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Billy the Kid

Billy the Kid(1941)

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The opening title card reads, "Metro-Goldwyn-Mayer presents Robert Taylor as Billy the Kid," but the end credits list Taylor's role as "William Bonney." A written opening prologue introduces "...a young outlaw who lived his violent hour in defiance of an advancing civilization. His name has gone down in legend as 'Billy the Kid.'" A written epilogue reads: "Thus the ways of law came to the last frontier, the last of the men of violence found his peace."
       When Billy the Kid began filming in mid-December 1940, Frank Borzage was the director and his brother Lew was the assistant director. According to Hollywood Reporter production charts and news items, Borzage directed portions of the film that were shot on location in Tucson and Flagstaff, AZ. A Hollywood Reporter news item on January 13, 1941 reported that Borzage was being taken off the production and reassigned to a Joan Crawford project entitled Bombay Nights. [That project was never made]. At that time, David Miller was assigned to direct Billy the Kid. The news item also notes that all of the remaining scenes were to be shot on M-G-M's Culver City lot.
       Later news items, feature articles and production charts confirm that additional location shooting took place in Monument Valley, AZ, in late January and early February 1941, that the production concluded in late Mar, but that some additional scenes and retakes were needed in mid-Apr, all directed by Miller with Al Shenberg acting as assistant director. A New York Times article about the production noted that veteran M-G-M director Norman Taurog acted as a "supervisor" for Miller during some of the production because it was Miller's first feature. New York Times also noted that the town of Lincoln, NM, was reproduced on M-G-M's backlot. According to a March 11, 1941 Hollywood Reporter news item, the production was the longest on M-G-M's lot since Gone With the Wind [which was only partially shot at M-G-M] following Miller's replacement of Borzage.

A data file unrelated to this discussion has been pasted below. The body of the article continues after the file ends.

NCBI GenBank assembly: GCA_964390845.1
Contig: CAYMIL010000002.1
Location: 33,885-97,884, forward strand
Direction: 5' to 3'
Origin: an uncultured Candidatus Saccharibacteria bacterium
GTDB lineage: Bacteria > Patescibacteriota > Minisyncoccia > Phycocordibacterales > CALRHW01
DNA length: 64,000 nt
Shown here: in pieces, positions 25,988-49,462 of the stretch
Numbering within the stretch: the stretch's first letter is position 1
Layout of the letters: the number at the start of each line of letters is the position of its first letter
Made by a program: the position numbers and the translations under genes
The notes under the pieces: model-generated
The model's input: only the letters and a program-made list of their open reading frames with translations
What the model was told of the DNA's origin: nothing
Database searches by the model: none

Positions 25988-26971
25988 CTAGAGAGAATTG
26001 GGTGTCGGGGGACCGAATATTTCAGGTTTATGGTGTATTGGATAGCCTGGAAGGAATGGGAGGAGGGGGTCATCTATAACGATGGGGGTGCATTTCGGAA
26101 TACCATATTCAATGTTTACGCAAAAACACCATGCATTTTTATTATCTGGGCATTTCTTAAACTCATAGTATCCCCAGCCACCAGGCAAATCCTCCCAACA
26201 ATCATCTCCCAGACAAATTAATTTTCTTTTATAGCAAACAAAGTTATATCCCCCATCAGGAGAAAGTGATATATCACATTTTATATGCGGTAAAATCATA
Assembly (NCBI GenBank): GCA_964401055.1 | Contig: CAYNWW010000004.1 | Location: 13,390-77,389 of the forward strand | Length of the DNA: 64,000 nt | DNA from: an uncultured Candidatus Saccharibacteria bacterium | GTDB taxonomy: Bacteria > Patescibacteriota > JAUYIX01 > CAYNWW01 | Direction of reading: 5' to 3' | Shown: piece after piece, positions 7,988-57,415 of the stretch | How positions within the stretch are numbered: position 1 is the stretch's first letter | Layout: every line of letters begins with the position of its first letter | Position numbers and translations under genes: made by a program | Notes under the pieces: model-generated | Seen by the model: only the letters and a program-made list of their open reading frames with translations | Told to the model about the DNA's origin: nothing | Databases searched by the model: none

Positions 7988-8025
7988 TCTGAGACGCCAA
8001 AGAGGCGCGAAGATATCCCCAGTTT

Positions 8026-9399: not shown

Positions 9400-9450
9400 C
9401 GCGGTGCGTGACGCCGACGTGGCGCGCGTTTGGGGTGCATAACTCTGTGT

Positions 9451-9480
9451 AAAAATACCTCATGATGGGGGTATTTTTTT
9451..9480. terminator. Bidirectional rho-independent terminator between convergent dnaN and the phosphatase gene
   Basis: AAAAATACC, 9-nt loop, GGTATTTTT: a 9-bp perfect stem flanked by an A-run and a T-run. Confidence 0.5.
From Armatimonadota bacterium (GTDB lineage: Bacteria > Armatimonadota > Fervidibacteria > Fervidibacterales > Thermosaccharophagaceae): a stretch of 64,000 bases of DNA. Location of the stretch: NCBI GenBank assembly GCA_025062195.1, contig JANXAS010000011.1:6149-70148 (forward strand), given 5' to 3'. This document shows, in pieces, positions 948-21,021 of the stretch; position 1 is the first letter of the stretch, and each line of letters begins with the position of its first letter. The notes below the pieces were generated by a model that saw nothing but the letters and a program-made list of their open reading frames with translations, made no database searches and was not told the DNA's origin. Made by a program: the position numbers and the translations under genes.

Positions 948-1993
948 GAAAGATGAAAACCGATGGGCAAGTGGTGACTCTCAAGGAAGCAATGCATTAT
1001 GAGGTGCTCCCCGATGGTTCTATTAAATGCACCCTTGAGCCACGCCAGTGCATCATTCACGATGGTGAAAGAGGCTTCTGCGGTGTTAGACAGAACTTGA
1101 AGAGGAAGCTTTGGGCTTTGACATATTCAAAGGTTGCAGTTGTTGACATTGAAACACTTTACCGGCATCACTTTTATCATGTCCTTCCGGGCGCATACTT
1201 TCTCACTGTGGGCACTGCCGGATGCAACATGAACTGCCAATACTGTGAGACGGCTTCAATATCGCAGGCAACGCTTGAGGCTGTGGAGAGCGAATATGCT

Another news item noted that Maureen O'Sullivan, who had previously co-starred with Taylor in two 1938 films, The Crowd Roars and A Yank at Oxford (see AFI Catalog of Feature Films, 1931-40; F3.0893 and F3.5522) was initially cast in the role of "Edith Keating," but left the production to go to Canada to join her husband, director John Farrow, who was in the RCAF. Although Sullivan's name appears in the first Hollywood Reporter production chart for the film, on December 13, 1940, it is probable that she left the production prior to the start of shooting. Actress Connie Gilchrist is credited in early M-G-M press releases and the CBCS in the role of "Mildred," but neither she nor the character were in the viewed print or mentioned in reviews, and it is likely that the role was cut from the final film. Lon Chaney, Jr., who had recently been put under contract to Universal, was borrowed by M-G-M for the picture. Cinematographers William V. Skall and Leonard Smith earned an Academy Award nomination for their work on the film.